Wednesday, June 20, 2012


Governance and Privatization

A modern democratic government that values the lives and living standards of its citizens has to have some form of privatization so as to deliver services in a manner consistent with the demands of those it serves. Privatization allows private enterprises to deliver services where the government failed to penetrate. It is not a bad idea for a government to contract out some task to some of its citizens that have the courage and capability to deliver on time. It has been acknowledged that a government cannot deliver on its own without help from the citizenry. Martimort (2005) contends that privatization is the delegation of a task and that the trend skyrocketed in the last few decades after dissatisfaction with government monopolies increased among unstable citizens who perceived government services as inferior. Privatization evolves out of state inability to provide necessary services and products, hold-ups resulting from underinvestment, budgetary constraints resulting from political and economic plunders, governmental fragmentation, and lack of benevolence on the part of governments (Martimort, 2005).

There are problems associated with privatization that deserve to be tackled if business is to be made to persist as usual. Some problems associated with privatization include lack of faith and commitment and the inability of politicians to deliver the right services to public. Schmidt (1995) argues that privatization got heightened in countries where enterprises were state-owned and that privatization got off the ground with tremendous speed in the 80s. Privatization came to the fore when William’s (1985) theorized what he referred to as ‘selective intervention’. According to Boycko, Shleifer, and Vishny (1995) privatization evolved after public government enterprises became ineffective due to meddling by politicians. In the U.S., private enterprises have transformed into restorers of law and order with some even getting contracts that are meant to correct prisoner behavior and contain overcrowding in dungeons. Others private investors have been fortunate enough to be rewarded with contracts meant to oversee subsidized public housing. These corrective endeavors serve as guiding lights for the ordinary citizen after government bureaucracy became inefficient in its commitments.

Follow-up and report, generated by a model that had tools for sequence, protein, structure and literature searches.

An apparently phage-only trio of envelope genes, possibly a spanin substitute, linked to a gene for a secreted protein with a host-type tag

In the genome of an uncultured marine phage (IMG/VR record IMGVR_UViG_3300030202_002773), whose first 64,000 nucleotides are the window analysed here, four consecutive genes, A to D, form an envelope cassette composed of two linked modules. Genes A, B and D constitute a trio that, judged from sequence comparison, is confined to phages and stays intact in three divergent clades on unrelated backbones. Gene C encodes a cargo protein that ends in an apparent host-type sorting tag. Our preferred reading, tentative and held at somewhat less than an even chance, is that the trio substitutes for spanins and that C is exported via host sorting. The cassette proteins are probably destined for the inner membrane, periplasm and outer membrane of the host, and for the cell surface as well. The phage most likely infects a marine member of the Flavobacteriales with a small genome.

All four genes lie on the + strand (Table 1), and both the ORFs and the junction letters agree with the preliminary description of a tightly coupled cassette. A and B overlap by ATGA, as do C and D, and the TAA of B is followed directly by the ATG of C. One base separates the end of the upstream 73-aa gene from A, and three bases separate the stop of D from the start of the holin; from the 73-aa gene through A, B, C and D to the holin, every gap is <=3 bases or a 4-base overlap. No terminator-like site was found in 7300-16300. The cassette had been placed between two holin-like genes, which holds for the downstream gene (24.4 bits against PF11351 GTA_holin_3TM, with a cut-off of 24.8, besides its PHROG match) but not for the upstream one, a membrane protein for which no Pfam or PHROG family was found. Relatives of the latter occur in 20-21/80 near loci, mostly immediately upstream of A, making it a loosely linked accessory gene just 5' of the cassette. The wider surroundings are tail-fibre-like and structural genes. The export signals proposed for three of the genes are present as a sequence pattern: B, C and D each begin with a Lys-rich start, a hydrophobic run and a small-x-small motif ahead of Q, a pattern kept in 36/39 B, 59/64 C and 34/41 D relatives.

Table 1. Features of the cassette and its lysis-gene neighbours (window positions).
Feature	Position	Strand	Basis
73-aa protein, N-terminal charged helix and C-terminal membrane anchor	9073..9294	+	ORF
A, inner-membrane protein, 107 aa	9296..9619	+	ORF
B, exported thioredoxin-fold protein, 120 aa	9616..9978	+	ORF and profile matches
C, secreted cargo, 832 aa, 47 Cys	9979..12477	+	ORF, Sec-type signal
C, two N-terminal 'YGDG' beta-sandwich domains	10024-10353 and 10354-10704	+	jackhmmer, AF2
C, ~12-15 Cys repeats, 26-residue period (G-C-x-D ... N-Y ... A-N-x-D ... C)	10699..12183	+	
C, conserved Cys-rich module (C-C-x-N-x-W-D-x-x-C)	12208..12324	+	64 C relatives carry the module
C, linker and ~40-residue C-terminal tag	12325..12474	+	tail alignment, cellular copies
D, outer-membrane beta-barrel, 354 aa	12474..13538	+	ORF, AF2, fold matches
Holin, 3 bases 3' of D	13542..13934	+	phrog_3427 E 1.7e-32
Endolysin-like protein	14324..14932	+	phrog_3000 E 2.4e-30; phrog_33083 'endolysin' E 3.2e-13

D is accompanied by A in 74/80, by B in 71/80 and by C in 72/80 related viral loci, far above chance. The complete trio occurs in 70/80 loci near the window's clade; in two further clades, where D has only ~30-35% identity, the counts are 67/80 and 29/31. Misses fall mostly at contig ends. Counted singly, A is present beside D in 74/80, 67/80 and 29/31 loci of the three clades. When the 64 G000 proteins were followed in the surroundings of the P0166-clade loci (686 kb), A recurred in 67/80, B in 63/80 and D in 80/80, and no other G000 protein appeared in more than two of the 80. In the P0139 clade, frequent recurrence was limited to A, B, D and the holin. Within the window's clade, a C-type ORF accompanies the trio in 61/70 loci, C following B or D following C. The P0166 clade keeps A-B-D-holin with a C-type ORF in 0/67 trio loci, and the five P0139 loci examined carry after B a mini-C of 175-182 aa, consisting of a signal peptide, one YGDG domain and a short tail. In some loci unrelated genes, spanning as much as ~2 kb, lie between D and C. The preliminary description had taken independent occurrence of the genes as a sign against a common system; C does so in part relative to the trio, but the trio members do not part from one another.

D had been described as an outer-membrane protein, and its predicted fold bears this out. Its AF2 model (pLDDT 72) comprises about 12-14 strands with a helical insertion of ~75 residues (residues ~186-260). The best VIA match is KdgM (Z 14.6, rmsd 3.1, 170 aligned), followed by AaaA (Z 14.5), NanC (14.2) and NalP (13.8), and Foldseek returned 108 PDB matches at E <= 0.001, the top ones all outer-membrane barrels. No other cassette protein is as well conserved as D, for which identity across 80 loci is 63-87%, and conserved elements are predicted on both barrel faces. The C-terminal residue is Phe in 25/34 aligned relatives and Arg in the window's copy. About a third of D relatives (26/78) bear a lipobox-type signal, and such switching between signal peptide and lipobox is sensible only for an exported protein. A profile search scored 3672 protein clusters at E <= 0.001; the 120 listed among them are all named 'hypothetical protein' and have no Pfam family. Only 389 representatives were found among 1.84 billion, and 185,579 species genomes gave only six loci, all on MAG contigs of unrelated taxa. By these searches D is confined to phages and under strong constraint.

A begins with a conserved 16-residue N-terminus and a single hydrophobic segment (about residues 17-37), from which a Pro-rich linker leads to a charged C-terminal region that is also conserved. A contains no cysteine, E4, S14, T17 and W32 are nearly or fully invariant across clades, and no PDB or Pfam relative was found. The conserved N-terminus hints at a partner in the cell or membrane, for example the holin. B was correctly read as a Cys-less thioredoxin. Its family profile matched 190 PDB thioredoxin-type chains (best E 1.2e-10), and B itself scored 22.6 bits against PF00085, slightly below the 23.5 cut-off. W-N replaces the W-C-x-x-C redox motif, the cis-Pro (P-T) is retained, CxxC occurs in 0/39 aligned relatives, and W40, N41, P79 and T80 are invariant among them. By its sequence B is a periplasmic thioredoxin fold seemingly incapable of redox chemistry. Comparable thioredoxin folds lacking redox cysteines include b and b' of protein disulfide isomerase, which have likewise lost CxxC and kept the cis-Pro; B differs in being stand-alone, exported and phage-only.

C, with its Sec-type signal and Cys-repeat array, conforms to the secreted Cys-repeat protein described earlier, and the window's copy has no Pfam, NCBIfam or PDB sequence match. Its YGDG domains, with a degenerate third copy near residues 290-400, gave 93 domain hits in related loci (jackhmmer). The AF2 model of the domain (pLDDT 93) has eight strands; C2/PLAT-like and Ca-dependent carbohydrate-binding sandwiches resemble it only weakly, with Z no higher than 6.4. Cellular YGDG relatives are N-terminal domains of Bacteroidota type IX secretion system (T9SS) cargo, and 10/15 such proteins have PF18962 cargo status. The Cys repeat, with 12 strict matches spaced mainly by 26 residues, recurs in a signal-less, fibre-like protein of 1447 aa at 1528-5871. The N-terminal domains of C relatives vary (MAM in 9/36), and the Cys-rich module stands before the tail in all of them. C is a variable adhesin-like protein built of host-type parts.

The main objective of politicians when soliciting votes is to find alternative jobs for their votes. It is this mindset that leads to the abandonment of vital services demanded by the public. Privatization is another form of political reformation since it deals with altering the living conditions of the suffering mass. Allowing the well-organized and responsible ordinary citizen to partake in the transformation of other citizens is a good idea. Many countries have been inspired by the art of privatization and the benefits that come with it. Britain under Margaret Thatcher experienced economic growth after the prime minister embarked on the privatization of its airways in the 80s. The Czech Republic under Vaclav Klaus and Mexico under Carlos Salinas also experienced massive privatization in their times (Boycko, Shleifer, & Vishny, 1996). Privatizing prison houses and public housing are noble ideas and should be encouraged.

References

Martimort, D. (2005). An agency perspective on the costs and benefits of privatization. Journal of Regulatory Economics. Retrieved from http://idei.fr/doc/by/martimort/agency_p.pdf

Schmidt, K.M. (1995). Incomplete contracts and privatization. Journal of Economic Literature Classification, L33, 150. Discussion Paper No. A-480.

Williamson, O. (1985). The economic institutions of capitalism. Free Press: New York.

Boycko, M.., Shleifer, A., and Vishny, R.W. (1995). A theory of privatization. The Economic Journal, 106, 309-319.

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